Many greenhouses that grow flowering plants for sale in Massachusetts are using beneficial insects and mites to manage pests. Beneficial insects and mites are good bugs that feed on plant pests in the greenhouse. There are three types of beneficials used in greenhouse production, predators, parasitoids and pathogens.
Predators are insects and mites that feed on pests but do not reproduce in them. They eat more than one pest as they develop throughout their life cycle to adults. Predators are less picky than parasitoids about the pests they eat. Predators often deposit their eggs near pests so when the eggs hatch, there is a food source nearby to provide nourishment. Minute pirate bugs, aphid predatory midge, predatory mites, rove beetles and lady beetles are predators used in greenhouses.
Examples of predators that you would find outdoors in your own gardens are lady beetles, ground beetles, lacewings, Minute pirate bug, Hover fly, Aphid predatory midge, Tachinid fly, many spiders (crab spider, jumping spider, wolf spider).
Parasitoids are insects that deposit eggs in or directly on a pest. The parasitoid develops inside the pest and kills it. The adult parasitoid emerges from the pest and the cycle continues. Parasitoids are very host-specific and eat only a single pest as they develop. Parasitoids are commonly used in greenhouses to kill whitefly and aphid pests. Female wasps have an ovipositor that allows them to deposit eggs on or in the pest’s body. They also have a narrow “waist” which allows their abdomens to be highly flexible. While the size of parasitoids is quite variable, the ones used for greenhouse pests are very, small.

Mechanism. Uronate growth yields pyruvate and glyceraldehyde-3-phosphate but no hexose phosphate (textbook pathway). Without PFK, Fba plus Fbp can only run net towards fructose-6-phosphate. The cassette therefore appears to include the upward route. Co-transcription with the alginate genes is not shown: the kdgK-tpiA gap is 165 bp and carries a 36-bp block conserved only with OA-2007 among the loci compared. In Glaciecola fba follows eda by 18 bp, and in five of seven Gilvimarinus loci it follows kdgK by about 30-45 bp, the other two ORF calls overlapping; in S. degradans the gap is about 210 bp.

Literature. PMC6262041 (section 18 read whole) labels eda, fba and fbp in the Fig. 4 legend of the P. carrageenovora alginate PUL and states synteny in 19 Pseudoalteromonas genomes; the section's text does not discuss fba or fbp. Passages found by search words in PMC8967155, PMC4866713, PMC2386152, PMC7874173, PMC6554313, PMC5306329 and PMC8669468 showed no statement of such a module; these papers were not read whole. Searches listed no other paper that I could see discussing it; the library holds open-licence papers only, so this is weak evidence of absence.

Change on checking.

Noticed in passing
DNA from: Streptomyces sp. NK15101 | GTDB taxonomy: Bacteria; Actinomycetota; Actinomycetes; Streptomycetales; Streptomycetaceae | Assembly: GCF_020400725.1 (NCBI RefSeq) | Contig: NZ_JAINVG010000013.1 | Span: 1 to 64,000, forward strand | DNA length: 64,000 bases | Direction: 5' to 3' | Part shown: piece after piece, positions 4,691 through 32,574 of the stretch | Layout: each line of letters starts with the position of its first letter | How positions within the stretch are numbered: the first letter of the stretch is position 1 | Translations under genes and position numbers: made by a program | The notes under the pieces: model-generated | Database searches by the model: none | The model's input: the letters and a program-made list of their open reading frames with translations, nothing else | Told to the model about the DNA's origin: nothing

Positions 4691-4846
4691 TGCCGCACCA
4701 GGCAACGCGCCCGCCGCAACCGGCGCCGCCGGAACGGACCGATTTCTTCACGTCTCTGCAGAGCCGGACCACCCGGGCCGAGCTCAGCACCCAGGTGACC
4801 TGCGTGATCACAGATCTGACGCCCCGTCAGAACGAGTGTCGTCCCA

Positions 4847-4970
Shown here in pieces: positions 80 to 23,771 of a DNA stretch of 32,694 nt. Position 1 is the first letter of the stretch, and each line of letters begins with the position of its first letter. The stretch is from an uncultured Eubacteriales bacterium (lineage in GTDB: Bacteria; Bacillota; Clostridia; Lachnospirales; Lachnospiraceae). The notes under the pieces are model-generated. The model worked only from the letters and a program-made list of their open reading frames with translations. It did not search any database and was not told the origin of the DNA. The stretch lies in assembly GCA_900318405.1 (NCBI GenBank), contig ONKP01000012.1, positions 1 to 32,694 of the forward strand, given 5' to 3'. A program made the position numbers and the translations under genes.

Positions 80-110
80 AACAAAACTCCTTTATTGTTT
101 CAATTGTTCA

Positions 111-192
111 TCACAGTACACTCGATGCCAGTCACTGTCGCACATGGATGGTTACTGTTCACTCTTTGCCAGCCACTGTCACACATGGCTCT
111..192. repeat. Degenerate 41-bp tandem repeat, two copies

Examples of parasitoids found outdoors in your garden are braconid wasp that kills aphids and caterpillars and Ichneumonids that feed on armyworms and European corn borer. Next time you see aphids on a plant, look carefully. You are likely to see tan, puffy aphid bodies that have had the insides eaten by a braconid wasp. One adult wasp emerges from each of the parasitized aphids, leaving an exit hole and an empty body. The puffy bodies look like a popcorn kernel.
Growers of greenhouse crops also use pathogens that are organisms that cause a fatal disease in pests. Beneficial pathogens include fungi, bacteria and viruses which do not harm plants. Pathogens are mixed with water and sprayed on the insects pests on the plants and the insects eventually die.
Beneficial insects and mites are packaged in plastic bottles, cardboard tubes or in little sachets the size of tea bags and shipped overnight by commercial companies. The growers release them into the greenhouse as soon as they arrive. Some types of beneficials are distributed throughout the greenhouse by sprinkling them around by hand. In very large greenhouse ranges, beneficials may be distributed using a blower. Sachets that contain predatory mites are often used in hanging baskets or in individual pots. Beneficial nematodes are mixed with water and watered into the soil where the nematodes can infect the immature stage of fungus gnats. Some types of beneficial insects used in greenhouses already live here in Massachusetts, while others do not and will die over the winter.
Beneficial insects used in greenhouses will not bite or sting humans and most are so small, that an untrained eye would not know they were there.
In addition to beneficial insects and mites, yellow sticky cards are used to monitor pest activity in greenhouses. Yellow is attractive to adult flying insects in greenhouses which are caught onto the sticky substance on the card. The grower can then count adult flying insects such as fungus gnats, shore flies, whiteflies and thrips that they find on the sticky cards each week to keep track of populations of pests.
So, if you purchased a plant that has a little tea bag packet in it (they are not placed in every plant), or see puffy tan aphids, it is because the grower you purchased the plants from is using beneficial insects and mites to manage pests in their greenhouse and in your garden and reducing the amount of pesticides used!
Resource to identify beneficials in your own garden: Biocontrol (Michigan State University)